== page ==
Amnesty International focus and prioritize cases of human rights violations in Papua. In 2016, I did my field research for three weeks, talking to witnesses, the familes of victims, and human rights advocates in several cities in Papua, especially in Jayapura, Timika, Nabire, Wamena, and Sorong. At the same time, we were also gathering secondary data from National Commission on Human Rights (Komnas HAM) in Jakarta and Papua, church organizations in Papua, and the World Bank's Sistem Nasional Pemantauan Kekerasan that collected newspapers clips from several publications in Papua between 1998 to 2015. We focus on human rights issues and the extrajudicial killings in Papua.
Besides the numbers, what are the main and most important findings from your research?
We found that human rights violations is a systemic problem. It doesn’t matter who’s president—it has more to do with the authorities behavior in the field. We also found that there’s no mechanism of accountability, hence no deterrent effect. When the police commit a crime, where do we go to report them? Sure, we can go to the National Commission of Human Rights (Komnas HAM), but even then they can only make reports and, in the end, the reports will be sent to the police themselves.
If the perpetrator is a member of the military, we report them to the military. This isn’t right and that’s what we’re trying to show through our research. This lack of accountability is one of the main factors why human rights violations, in this case extrajudicial killing, persist. We need to change the system, improve it according to the international covenant on civil and political rights. There has to be an external and independent institution that investigates reports of human rights violations by the authorities.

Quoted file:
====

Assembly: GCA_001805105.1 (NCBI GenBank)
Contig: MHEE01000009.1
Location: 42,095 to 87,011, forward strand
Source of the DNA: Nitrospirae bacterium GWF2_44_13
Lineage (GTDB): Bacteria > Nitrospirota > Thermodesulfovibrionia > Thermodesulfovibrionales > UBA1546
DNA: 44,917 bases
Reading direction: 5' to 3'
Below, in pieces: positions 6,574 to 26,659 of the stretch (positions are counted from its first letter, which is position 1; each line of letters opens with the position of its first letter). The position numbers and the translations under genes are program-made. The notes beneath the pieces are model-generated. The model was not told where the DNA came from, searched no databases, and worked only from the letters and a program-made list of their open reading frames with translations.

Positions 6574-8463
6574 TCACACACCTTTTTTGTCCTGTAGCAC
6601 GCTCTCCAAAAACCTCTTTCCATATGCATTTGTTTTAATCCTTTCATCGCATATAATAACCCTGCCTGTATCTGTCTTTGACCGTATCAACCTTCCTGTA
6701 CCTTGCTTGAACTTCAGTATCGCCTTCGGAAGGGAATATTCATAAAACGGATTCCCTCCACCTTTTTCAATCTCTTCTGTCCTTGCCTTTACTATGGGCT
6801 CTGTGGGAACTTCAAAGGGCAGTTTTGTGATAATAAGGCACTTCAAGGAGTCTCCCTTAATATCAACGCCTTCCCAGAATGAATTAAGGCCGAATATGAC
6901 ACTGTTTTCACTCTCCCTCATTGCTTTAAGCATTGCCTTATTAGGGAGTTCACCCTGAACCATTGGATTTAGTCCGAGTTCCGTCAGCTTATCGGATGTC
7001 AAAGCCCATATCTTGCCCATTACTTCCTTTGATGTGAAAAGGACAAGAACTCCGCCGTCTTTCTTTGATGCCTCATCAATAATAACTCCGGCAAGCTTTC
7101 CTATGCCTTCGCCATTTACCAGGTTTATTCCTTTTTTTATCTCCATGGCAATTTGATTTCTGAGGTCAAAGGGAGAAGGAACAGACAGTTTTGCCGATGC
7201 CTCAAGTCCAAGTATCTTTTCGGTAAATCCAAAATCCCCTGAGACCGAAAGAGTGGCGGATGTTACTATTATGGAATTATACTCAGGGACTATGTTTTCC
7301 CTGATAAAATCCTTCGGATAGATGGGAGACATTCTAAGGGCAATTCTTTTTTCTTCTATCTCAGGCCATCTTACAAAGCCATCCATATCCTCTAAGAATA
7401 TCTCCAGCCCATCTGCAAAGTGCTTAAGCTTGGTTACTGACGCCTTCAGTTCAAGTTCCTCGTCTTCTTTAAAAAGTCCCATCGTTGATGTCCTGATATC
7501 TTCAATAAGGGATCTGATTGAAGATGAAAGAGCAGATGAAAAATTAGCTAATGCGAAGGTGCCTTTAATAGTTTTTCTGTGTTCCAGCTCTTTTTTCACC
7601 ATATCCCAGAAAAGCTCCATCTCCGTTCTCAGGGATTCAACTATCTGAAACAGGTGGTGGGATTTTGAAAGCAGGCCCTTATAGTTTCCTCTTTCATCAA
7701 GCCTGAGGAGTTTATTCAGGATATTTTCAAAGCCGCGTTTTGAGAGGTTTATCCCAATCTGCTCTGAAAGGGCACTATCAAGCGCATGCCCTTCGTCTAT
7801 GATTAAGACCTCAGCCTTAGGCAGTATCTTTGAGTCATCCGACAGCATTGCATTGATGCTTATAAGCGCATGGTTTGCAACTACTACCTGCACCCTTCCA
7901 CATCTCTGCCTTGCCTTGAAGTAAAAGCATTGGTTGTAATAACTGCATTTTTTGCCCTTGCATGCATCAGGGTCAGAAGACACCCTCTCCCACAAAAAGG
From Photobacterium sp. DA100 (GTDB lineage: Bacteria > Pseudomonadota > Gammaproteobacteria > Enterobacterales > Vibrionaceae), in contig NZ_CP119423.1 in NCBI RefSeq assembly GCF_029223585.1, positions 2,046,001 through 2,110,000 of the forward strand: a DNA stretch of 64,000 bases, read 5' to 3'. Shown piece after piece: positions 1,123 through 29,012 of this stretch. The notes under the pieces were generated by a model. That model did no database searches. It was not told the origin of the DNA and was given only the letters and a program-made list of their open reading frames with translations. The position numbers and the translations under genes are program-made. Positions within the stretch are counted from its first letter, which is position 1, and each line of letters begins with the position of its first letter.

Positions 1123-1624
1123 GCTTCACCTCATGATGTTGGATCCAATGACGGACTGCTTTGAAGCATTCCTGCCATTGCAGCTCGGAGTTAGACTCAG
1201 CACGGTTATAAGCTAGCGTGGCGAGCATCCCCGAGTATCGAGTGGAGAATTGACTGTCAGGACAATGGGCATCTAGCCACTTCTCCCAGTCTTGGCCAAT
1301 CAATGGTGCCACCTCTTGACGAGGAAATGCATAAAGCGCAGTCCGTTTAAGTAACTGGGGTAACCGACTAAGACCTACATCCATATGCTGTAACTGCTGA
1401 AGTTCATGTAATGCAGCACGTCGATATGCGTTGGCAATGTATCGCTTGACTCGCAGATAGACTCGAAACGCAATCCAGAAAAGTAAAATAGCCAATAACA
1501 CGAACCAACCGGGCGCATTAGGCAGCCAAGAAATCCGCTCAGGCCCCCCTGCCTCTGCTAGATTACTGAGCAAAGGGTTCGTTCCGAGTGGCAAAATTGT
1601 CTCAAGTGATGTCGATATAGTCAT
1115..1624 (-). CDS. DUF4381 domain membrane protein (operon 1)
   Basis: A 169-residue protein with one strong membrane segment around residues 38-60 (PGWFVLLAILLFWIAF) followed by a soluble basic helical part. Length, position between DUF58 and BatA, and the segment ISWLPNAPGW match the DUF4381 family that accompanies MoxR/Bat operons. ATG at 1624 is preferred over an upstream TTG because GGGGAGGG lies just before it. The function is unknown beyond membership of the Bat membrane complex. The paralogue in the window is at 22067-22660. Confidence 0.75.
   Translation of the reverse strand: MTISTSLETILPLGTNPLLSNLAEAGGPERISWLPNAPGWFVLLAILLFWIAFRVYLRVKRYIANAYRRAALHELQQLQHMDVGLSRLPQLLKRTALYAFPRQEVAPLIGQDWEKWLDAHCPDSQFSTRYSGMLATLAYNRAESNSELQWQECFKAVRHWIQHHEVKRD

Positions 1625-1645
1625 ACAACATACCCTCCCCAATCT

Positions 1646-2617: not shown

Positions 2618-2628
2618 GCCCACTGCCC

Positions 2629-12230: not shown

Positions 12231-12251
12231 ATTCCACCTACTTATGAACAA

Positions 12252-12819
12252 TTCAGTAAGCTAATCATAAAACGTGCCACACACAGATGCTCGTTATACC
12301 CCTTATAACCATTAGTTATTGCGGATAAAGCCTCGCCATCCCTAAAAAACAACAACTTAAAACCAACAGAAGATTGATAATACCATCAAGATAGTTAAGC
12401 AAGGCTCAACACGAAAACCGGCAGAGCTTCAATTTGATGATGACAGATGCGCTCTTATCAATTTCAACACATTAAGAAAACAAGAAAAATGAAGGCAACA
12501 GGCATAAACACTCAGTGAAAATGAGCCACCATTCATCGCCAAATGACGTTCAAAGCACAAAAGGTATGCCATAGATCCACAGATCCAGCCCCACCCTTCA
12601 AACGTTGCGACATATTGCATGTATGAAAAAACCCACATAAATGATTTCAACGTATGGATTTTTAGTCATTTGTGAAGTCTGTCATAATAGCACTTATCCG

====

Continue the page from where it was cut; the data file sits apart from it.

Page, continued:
What were the challenges in conducting this research?
The biggest challenge is that Indonesian researchers don’t have a good crime tracking system and database. In terms of safety, I felt relatively safe during my research. I kept a low profile.
Wiranto, Indonesia's top security affairs minister, claimed that your research is one-sided. Do you have any comments?
We’re trying to hold a discussion about this research and show our methodology. Maybe he said it’s one sided because we don’t show many instances where authorities were also victims of violence. We admit that such cases exist, but they were very hard to verify because the reports came from the military. We’ve met many government officials, talked to several ministries, and their responses are relatively positive. But I get it, maybe when they[re talking to the media, they have to show that they’re defending the nation's pride. And thus, the [negative] responses.
How likely is it that, considering how often extrajudicial killings go unreported, that the number of cases are actually higher than the 69 you found?
The sixty nine cases—we think it’s a rather conservative number. There could been more, considering that there are cases that have no eyewitnesses and others that happened in inaccessible locations.
What’s the most important thing the government, the NGOs, and the general public should do in response to the extrajudicial killings in Papua?
We all should acknowledge that there are cases of human rights violations in Papua, and that this is a systemic problem. If we dismiss this issue, if we deny it, we can’t make any progress. We have to urge [the government to investigate] by presenting the facts.